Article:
Today we know that crime is often not just a matter of making bad decisions. Rather, there are a variety of factors that are implicated in much criminal offending--some fairly obvious, like poverty, mental illness, and drug abuse, and others less so, such as neurocognitive problems. We now have the tools for effective criminal behavioral change, but this cannot be an excuse for criminal offending. In The Future of Crime and Punishment, William R. Kelly identifies the need to educate the public on how these tools can be used to most effectively and cost-efficiently reduce crime, recidivism, victimization, and cost. The justice system of the future needs to be much more collaborative, utilizing the expertise of a variety of disciplines, such as psychology, psychiatry, addiction, and neuroscience. The path forward is one characterized largely by change from traditional criminal prosecution and punishment to venues that balance accountability, compliance, and risk management with behavioral change interventions that address the primary underlying causes for recidivism. There are moving parts to this effort, and it is a complex proposition. It requires substantial changes to law, procedure, decision making, roles and responsibilities, expertise, and funding. Moreover, it requires a radical shift in how we think about crime and punishment. Our thinking needs to reflect a perspective that crime is harmful, but that much criminal behavior is changeable. -- Back cover.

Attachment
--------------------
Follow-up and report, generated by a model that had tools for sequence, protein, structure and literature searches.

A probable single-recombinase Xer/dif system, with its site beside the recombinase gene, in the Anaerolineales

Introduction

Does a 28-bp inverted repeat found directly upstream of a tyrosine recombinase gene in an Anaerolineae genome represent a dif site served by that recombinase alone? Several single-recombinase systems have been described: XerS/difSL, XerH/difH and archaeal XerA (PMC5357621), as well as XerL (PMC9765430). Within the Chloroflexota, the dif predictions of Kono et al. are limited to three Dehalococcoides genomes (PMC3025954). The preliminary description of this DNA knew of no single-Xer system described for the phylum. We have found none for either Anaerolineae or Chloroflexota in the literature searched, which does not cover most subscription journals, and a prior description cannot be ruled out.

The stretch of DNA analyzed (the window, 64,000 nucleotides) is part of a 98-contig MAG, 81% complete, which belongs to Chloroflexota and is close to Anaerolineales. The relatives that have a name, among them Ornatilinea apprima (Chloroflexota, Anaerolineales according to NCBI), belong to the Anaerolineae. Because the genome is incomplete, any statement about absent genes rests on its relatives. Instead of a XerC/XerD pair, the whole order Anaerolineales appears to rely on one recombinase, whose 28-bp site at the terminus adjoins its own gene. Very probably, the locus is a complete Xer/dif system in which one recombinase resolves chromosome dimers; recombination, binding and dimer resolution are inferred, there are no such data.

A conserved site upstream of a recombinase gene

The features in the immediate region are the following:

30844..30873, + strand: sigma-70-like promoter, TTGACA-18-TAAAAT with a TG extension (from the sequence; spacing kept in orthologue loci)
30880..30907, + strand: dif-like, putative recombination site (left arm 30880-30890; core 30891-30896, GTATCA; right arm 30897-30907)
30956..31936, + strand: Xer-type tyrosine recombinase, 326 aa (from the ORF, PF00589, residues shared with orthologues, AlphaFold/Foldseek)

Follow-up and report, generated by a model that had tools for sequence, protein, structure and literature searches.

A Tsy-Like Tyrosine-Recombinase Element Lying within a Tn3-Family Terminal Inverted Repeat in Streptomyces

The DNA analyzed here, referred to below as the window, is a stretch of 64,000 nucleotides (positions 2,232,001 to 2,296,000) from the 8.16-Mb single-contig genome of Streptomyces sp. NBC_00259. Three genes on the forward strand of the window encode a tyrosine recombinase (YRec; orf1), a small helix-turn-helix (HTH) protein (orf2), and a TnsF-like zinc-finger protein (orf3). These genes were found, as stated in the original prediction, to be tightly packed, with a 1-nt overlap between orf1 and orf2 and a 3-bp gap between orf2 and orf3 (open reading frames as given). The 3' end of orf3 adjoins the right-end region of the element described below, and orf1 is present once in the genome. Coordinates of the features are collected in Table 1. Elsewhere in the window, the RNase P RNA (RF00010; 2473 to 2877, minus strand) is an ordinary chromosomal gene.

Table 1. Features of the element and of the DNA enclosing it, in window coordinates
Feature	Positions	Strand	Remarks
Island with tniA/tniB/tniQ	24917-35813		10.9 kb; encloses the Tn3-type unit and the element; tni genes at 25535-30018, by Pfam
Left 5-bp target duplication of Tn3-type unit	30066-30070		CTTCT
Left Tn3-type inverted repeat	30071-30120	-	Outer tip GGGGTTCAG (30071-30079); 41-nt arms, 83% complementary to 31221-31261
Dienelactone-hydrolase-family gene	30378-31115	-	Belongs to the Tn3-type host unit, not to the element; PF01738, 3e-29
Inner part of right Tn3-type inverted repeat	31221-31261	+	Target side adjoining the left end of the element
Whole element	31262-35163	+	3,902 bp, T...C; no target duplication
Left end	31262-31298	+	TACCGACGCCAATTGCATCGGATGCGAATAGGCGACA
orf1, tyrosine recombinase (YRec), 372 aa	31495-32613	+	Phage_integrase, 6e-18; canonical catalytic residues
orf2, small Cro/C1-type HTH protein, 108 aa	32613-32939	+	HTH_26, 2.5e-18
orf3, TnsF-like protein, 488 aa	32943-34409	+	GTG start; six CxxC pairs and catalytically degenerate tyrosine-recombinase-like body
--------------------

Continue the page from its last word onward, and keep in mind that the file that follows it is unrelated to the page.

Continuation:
Reviews provided by Syndetics

CHOICE Review

Between 1972 and 1984, state and federal prison populations doubled. From 1984 to 1992, incarceration doubled again. Then it doubled once more from 1992 to the present. This represents a pinnacle in a sordid kind of way: the land of the free has been for some years now the most punitive nation in modern times. Meanwhile, the recidivist rate is awful. Why has the so-called correctional system gone so wrong? In this brilliant book, Kelly, a sociologist at the University of Texas at Austin, has a lot to say. His book is less about the future of crime and punishment than an analysis of the country's defective status quo. Kelly observes that crime occurrences have complex antecedents--neurological, psychological, and social. Punishment has little utility in reducing crime, he believes. But the recipe for carceral excess has been perfected: choose incarceration as the punishment of choice for a growing list of crimes. Ignore factors like drug and alcohol addiction, mental illness, and intellectual capacity in sentencing. Next, dump offenders in facilities where transformative treatment, if any, is dubious. Then, release offenders to the community without full support. They'll come back; we'll pay. Summing Up: Essential. All levels/libraries. --Robert D. McCrie, John Jay College of Criminal Justice, CUNY

Author notes provided by Syndetics

William R. Kelly, PhD, is a professor in the Department of Sociology and director of the Center for Criminology and Criminal Justice Research at the University of Texas at Austin. Kelly is the author and contributor of several books and articles on criminal justice, law, and policy, including Criminal Justice At The Crossroads: Transforming Crime and Punishment (2015)